Skully Review

You are currently viewing Skully Review

(Reviewed on Xbox One by Games of DAYNE)  

Charming, challenging and full of heart. And a rolling skull full of magical clay…

Skully very simply describes the playable character in this enchanting platforming adventure. Brought to life via special mud by an elemental deity named Terry, Skully is as described, a skull that rolls across a dangerous and obstacle filled island that Terry is trying to save by uniting his three estranged siblings. Light puzzle solving and platforming accompanied by charming environmental and character designs result an overall cute presentation. The gameplay becomes more layered as Skully gradually discovers the ability to summon a small variety of creatures to control, each with their own unique abilities that will be required to solve the myriad of environmental puzzles. These new abilities and associated puzzles incite more challenging stages which can easily frustrate until solved. 

The narrative is driven by Terry’s ongoing family feud with his siblings, all of which are elemental deities, masters of elements such as water and fire. An initially simple premise, it soon becomes more layered and compelling, surprisingly heartfelt and at times tense and unpredictable. The emotional strings that developer Finish Line Games pulls are deep and successful, presenting a more meaningful message than would be expected from a puzzle platformer with some genuinely unexpected twists and turns so thoughtfully layered into the experience. Witty writing and humorous dialogue from Terry and his family of oddities entertains throughout over the course of at least 5-6 hours for players experienced in the genre, though that can easily be inflated for more casual players. 

The gameplay evolves throughout the course of the game, initially Skully is able to roll across the landscape and jump as means of platforming. As Skully discovers special mud pools that allow the clay that has brought him to life to materialise into creatures, referred to as Summons, the gameplay gets more intricate with each of these new Summons having an ability or two exclusive to their form. The ability to knock over large rock formations to create bridges, maneuver platforms to cross otherwise un-crossable sections and double jump are just a few examples of the new mechanics that both ease some of the platforming challenges while also introducing even more. With one stick to control Skully and the other to control the camera, it is much easier than similar titles to ensure the environment is appropriately visible and centered before attempting to navigate it.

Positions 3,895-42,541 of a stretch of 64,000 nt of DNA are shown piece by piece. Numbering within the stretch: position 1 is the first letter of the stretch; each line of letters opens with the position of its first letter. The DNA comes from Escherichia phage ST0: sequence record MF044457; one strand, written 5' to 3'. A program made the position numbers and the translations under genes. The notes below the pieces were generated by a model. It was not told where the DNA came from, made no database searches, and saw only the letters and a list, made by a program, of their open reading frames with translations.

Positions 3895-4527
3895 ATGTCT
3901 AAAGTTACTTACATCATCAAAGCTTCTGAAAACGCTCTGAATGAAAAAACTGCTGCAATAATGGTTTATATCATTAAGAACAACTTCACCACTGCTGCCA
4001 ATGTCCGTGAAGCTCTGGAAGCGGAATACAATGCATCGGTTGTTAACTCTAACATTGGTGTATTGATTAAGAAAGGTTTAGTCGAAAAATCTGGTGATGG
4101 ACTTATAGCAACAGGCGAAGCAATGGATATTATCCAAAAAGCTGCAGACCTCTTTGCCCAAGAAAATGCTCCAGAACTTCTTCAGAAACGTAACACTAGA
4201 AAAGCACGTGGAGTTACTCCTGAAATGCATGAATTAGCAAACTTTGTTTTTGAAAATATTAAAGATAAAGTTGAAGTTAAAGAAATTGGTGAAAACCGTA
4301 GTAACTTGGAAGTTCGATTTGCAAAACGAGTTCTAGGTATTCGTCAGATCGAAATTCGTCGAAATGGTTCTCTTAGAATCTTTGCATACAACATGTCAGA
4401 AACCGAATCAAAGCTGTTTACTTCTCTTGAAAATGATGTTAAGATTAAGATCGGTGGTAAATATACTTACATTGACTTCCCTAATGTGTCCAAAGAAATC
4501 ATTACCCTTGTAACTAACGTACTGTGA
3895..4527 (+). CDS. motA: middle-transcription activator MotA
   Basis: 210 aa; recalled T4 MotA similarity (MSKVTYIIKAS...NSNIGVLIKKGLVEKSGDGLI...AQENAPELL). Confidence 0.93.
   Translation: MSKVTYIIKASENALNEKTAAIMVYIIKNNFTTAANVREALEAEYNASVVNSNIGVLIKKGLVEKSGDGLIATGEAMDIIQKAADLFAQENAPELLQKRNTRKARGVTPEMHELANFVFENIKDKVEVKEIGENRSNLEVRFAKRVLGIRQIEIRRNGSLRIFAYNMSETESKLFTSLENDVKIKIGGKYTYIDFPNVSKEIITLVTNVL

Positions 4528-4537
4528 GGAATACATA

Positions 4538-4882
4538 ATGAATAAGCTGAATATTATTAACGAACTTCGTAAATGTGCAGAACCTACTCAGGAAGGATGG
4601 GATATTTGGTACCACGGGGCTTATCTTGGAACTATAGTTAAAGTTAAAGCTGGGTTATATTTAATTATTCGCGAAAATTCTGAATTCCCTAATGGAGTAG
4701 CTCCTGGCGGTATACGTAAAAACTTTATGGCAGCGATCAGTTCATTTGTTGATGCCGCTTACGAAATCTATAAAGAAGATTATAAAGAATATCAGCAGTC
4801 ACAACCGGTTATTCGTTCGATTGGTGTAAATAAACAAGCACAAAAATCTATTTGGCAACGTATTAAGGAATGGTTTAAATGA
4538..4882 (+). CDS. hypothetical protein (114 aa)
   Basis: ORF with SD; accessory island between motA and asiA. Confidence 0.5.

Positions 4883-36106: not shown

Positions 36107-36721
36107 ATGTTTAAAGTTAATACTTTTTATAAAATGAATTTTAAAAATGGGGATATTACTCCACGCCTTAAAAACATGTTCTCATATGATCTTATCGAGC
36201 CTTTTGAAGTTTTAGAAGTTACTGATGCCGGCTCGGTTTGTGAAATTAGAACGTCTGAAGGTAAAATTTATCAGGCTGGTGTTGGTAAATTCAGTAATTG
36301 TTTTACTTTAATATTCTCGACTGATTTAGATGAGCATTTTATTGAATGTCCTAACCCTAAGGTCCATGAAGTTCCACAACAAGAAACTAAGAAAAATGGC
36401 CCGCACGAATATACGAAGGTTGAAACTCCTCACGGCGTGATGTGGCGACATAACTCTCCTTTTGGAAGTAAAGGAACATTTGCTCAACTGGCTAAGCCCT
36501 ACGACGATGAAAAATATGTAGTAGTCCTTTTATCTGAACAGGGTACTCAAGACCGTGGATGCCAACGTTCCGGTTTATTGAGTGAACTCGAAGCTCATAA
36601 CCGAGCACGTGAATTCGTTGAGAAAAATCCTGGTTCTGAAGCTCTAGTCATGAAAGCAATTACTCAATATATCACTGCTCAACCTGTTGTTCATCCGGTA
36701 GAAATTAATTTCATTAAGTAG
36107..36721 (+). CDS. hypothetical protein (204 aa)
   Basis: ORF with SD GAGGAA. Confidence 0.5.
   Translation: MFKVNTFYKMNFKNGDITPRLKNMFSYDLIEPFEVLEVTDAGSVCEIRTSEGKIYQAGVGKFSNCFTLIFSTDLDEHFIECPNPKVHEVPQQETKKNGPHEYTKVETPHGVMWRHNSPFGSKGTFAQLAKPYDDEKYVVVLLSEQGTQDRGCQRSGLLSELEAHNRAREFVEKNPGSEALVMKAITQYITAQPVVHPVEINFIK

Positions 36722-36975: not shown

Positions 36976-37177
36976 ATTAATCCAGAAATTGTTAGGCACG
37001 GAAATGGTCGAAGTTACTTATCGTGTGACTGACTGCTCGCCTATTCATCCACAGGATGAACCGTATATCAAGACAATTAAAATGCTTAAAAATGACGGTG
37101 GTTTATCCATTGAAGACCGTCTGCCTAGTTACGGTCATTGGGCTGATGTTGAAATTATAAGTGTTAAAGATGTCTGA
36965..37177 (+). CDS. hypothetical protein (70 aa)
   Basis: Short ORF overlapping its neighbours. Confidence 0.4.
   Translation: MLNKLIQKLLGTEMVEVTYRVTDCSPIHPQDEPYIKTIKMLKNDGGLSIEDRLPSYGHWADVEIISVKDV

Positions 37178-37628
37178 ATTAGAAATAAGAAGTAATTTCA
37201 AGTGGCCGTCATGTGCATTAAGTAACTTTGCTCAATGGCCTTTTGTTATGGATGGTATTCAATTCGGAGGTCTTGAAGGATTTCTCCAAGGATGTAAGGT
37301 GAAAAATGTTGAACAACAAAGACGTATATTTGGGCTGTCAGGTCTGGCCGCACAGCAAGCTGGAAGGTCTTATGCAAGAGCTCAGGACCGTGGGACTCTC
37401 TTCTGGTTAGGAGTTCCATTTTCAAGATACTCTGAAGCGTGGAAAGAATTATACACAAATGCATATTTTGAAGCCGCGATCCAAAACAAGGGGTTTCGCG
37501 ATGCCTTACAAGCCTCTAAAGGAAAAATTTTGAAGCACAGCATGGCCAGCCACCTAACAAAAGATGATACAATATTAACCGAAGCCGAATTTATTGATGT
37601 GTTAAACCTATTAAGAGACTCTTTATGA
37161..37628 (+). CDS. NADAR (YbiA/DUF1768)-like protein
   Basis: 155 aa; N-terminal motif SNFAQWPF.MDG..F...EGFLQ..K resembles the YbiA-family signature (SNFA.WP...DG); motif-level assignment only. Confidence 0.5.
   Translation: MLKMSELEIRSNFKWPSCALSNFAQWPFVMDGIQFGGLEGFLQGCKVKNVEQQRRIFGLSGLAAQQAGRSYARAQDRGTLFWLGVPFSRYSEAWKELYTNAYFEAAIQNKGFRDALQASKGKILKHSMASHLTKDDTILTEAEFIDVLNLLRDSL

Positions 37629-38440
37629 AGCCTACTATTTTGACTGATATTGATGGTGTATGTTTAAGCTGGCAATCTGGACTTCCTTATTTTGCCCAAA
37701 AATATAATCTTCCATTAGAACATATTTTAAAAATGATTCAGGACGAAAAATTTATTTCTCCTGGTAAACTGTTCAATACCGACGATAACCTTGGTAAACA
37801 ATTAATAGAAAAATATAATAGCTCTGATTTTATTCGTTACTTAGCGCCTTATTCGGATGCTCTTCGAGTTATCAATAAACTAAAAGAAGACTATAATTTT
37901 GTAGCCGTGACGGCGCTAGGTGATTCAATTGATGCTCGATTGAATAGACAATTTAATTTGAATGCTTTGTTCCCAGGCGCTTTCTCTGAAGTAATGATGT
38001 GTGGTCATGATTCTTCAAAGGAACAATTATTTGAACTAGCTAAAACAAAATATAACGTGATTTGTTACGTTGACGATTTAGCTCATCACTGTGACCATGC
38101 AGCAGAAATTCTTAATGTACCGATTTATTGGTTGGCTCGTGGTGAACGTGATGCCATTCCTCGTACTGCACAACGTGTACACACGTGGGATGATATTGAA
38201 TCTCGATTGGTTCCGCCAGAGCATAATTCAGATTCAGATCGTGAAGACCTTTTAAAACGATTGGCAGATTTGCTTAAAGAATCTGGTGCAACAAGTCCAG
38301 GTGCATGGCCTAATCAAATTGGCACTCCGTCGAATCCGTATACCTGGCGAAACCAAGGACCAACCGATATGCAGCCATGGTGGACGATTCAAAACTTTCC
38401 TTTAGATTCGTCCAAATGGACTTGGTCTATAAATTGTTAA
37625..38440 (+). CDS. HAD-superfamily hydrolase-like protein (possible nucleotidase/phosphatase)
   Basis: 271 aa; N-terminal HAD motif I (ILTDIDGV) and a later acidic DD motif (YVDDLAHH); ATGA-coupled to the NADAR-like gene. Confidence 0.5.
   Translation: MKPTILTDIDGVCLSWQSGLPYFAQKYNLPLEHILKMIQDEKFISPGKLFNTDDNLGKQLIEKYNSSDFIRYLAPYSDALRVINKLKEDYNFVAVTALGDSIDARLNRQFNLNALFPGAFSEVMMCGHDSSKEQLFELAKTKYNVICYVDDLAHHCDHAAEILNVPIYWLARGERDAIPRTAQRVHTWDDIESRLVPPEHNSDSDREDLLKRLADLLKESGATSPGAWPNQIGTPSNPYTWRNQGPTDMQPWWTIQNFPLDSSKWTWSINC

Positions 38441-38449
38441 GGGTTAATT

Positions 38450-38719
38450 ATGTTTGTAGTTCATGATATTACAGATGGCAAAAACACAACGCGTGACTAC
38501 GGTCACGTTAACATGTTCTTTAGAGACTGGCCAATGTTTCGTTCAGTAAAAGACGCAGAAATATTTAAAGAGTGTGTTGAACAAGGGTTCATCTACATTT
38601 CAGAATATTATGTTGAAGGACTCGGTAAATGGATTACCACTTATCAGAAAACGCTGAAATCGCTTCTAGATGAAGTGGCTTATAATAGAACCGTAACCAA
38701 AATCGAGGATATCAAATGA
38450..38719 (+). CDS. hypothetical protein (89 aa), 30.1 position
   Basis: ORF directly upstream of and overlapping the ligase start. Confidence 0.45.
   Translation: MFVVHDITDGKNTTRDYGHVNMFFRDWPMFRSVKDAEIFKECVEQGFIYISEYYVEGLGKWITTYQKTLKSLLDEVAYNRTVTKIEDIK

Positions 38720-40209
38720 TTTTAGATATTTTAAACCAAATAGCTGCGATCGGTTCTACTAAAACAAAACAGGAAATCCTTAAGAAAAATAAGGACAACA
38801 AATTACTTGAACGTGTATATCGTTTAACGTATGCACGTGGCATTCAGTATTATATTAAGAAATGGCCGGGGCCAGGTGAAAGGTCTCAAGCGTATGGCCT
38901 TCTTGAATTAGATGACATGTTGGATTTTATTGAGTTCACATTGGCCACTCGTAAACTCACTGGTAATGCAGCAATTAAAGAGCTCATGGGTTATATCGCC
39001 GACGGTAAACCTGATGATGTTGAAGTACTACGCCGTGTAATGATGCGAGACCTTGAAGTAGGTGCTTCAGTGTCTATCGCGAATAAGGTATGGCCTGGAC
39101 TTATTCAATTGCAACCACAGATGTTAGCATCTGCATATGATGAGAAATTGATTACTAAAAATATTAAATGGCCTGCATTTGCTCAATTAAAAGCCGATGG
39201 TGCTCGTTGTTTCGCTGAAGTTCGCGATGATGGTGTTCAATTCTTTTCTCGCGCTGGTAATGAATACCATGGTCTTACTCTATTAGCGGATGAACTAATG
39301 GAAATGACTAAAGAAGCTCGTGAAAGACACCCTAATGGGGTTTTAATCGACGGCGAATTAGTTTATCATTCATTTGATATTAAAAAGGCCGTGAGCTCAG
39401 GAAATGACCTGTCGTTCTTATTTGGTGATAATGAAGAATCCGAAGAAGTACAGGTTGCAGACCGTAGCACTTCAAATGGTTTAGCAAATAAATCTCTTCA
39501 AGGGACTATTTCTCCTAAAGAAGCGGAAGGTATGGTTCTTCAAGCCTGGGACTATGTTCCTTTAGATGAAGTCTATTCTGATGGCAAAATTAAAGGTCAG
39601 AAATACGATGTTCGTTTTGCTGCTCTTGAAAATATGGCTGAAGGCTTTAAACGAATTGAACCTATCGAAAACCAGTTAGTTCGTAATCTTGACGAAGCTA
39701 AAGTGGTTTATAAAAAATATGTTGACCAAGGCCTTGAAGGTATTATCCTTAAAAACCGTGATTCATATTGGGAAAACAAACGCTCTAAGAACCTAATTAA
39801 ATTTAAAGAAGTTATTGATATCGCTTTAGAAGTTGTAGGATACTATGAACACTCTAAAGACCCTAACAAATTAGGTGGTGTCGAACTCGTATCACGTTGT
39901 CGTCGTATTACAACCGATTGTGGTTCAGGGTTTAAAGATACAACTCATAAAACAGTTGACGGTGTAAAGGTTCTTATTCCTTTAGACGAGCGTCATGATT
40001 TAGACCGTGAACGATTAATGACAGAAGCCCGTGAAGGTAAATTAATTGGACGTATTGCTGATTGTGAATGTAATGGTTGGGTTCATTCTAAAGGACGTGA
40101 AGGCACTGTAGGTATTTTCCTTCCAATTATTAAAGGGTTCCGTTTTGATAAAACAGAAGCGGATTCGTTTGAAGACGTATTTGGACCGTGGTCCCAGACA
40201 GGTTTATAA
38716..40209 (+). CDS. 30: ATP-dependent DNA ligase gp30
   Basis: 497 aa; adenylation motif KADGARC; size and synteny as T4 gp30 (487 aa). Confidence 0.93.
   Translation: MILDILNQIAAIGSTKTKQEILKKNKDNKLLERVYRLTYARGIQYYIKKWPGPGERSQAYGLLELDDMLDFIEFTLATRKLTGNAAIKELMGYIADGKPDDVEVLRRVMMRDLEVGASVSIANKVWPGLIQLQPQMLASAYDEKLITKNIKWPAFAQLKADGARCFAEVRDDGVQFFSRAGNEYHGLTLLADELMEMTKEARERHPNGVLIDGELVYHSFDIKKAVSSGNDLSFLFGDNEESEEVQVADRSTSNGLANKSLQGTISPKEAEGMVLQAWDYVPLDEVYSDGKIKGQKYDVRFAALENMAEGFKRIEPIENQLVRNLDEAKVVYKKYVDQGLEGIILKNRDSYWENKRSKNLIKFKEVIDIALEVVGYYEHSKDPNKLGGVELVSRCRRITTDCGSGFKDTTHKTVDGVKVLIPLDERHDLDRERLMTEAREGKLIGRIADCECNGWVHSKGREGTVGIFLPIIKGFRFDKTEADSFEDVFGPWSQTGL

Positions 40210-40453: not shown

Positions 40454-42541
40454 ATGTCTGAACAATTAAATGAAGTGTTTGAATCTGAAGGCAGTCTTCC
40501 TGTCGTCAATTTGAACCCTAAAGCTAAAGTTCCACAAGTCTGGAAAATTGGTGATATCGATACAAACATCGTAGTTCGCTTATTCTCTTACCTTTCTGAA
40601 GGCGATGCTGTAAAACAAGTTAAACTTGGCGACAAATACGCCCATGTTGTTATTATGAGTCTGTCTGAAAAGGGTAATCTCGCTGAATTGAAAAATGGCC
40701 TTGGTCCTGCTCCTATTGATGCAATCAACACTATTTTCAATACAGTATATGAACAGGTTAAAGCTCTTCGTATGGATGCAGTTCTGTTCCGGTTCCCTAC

Checkpoints are triggered manually at mud pools, scattered very generously at regular intervals, which Skully can submerge in to restore health lost from enemies or the environmental hazards such as water. Skully is unable to attack in his base form but is able to use the mud pools to summon additional forms that may be able to do so. Up to 3 Summons can be active at any one time and Skully is able to eject from a Summon at will and enter another that is active. Any active Summons can also be dismissed at the mud pools. Becoming familiar with the environmental puzzling that is associated with the abilities of a specific Summon is critical to ease the frustration the trial and error gameplay presents and later in the game combinations of different abilities will need to simultaneously be in effect in order to progress. While the game is not overly difficult, there are moments that may temporarily frustrate, specifically those that require precision and delicate timing.  

The enemy variety is fairly limited but their designs are fun and the nature of their attacks and patterns are simple enough to adapt and overcome. The most difficult enemy is the players own ability to carefully traverse water, which damages and quickly kills Skully, and narrow paths that hang high above land and certain death. There are a number of sections that throw further chaos into these situations by adding wind or fire for example as an obstacle to also be mindful of.

Each of the 18 stages have a number of flower heads to collect that serve no in-game purpose outside of Achievements but also at regular intervals unlocked some very cool art that can be checked out in the main menu. These flowers can be in hard to reach places that may require backtracking or very careful platforming to obtain. 

The cute and playful visual design is appropriately accompanied by joyful sound design in both music and effects. The presentation is charming start to finish and is sure to enchant players from all generations. 

Skully is fun but frustrating and funny but heartfelt. It manages to balance players expectations with surprise just as easily and often as the player must literally balance Skully across its environmental platforming. Trial and error will likely become all too familiar but the joy overcoming these obstacles and unraveling even more of this world is well worth the effort. 

Final Verdict: 

+ Surprisingly heartfelt and well written story 

+ Fun platforming with the different Summons 

+ Entertaining banter between Terry and his siblings

– Some frustrating sections 

– Little replayability after story is complete  

Games of DAYNE Rating

Developed by: Finish Line Games

Published by: Modus Games

Release Date: August 4 2020

Platforms: Xbox One, PlayStation 4, Nintendo Switch and PC

Leave a Reply